Lessons for your business from public urination
Sunday, March 29, 2015/
Two interesting signs have been doing the behavioural rounds recently. Both attempt to stop the disgusting problem of public urination and, believe it or not, are helpful examples of how to modify customer behaviour.
Bad stuff happens when you do bad stuff
First to the streets of San Francisco where the sign below uses the threat of public shame to prevent public pee perpetrators. (I call this, “Wee are watching.”)
Source: Economic Policy Journal
This is an example of punishment. The behavior (peeing on the wall) has an undesirable consequence (public shaming).
Punishment is commonly used in business to penalise late payers, for example. Here’s one from my phone bill where they punish me with $15 if I miss the payment date.
The bad stuff stops when you stop what you’re doing
Now let’s visit the streets of Hamburg, Germany, where walls coated in water-repellant that make the pee rebound on the perpetrator. (I call this, “Pee’d off wall.”)
This is an example of negative reinforcement – the unpleasant thing (pee splashing on your shoe) stops when you stop the behaviour.
Hunger is an example of negative reinforcement. We don’t like the feeling of being hungry so we modify our behaviour (i.e. eat something) to provide relief. In your car, the annoying warning beeps when you are not wearing your seatbelt is another example of a negative reinforcer being used to modify behaviour.
Some clever businesses are using negative reinforcement rather than punishment to deal with issues like on-time bill payments.
Here’s an example from my gas company, which offers a “pay on time” discount for customers.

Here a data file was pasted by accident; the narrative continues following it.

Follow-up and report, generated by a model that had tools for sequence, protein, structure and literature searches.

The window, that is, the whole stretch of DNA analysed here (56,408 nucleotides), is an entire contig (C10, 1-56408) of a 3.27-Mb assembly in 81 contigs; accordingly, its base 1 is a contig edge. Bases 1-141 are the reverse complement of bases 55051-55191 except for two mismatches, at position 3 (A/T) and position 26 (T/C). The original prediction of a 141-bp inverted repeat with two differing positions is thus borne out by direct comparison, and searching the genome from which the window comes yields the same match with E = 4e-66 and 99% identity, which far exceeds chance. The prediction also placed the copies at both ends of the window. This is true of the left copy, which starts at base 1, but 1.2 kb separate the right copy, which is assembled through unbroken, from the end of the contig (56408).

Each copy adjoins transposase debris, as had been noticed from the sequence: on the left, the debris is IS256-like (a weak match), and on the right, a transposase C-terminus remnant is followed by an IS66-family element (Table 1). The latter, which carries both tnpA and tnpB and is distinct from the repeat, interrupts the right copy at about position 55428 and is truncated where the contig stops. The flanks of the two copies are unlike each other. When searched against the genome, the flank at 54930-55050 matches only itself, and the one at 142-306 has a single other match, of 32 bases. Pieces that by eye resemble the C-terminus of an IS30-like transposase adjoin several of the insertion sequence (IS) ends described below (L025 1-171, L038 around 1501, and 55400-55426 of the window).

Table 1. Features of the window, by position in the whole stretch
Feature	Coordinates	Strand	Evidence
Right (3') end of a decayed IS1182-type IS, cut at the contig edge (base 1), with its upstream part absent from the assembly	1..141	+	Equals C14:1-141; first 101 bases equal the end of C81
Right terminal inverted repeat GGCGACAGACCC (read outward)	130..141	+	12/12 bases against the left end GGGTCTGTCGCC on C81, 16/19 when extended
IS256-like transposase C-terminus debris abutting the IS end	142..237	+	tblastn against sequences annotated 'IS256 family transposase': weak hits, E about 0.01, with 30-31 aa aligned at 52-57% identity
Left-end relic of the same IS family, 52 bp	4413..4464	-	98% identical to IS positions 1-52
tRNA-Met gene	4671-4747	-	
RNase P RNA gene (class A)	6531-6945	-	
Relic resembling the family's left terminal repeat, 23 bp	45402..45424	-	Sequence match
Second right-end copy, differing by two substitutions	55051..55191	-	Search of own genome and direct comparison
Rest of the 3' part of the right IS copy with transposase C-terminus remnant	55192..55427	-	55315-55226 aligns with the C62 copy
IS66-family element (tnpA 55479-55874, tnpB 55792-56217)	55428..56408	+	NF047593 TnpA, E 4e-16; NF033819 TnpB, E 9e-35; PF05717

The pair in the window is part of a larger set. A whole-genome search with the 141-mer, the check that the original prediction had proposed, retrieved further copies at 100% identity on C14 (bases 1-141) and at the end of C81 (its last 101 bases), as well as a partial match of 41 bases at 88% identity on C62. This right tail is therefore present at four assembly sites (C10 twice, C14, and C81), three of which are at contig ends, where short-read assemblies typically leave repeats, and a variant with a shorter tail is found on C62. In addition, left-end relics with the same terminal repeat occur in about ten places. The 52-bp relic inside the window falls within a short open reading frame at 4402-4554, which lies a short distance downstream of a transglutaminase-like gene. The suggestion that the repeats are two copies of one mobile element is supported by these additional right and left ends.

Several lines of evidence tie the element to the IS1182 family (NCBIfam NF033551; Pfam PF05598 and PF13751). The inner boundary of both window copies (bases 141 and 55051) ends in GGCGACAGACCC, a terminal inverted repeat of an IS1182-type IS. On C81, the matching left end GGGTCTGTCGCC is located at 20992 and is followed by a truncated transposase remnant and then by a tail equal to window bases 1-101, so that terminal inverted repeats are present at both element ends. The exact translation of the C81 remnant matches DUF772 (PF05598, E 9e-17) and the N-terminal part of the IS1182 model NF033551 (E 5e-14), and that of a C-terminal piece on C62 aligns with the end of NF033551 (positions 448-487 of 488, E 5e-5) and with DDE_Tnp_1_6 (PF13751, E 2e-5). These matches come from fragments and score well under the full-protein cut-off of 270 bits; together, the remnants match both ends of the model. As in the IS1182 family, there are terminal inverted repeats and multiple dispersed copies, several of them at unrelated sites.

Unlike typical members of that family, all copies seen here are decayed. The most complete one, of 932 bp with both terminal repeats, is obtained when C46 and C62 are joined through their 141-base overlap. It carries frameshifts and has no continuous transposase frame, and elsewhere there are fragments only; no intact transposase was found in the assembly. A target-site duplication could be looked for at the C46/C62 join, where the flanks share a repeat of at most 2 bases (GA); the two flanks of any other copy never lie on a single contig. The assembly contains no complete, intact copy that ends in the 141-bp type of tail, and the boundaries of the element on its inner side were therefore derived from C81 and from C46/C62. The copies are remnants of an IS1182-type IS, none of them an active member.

Which to use? The wall or the watching?
A key difference between punishment and negative reinforcement is that when I do the wrong thing, with punishment you do it to me (i.e. charge me a late fee) whereas with negative reinforcement, I do it to myself (i.e. pay on time so I can pay less).
Also, with a negative reinforcement you are modifying the behaviour taking place right now, whereas with punishment you are punishing past behaviour in the hope that it will influence future behaviour.
For these reasons negative reinforcement is usually a more effective strategy to modify behaviour. When customers feel like they are making the decision themselves, and relief is immediate, they will be much more likely to change what they do.
Bri Williams runs People Patterns, a consultancy specialising in the application of behavioural economics to everyday business issues.
Social media mishaps: Why businesses should think twice before cracking jokes online Catriona Pollard CP Communications founder
An ‘opportunity-hunting’ generation: Here's what millennial workers need and want Karen Gately Corporate Dojo founder
Spilling the beans: Why inviting someone to 'grab a coffee' is disingenuous and unnecessary Sue Parker DARE Group founder
The 10 most unemployable job titles on LinkedIn Ian Whitworth Scene Change co-founder
How Emily McWaters manages her Sydney-based business from Kangaroo Island Emily McWaters The Hamper Emporium chief
Why 'Orwellian' performance monitoring is crucial to building an ethical company culture Michael Kodari Kodari Securities chief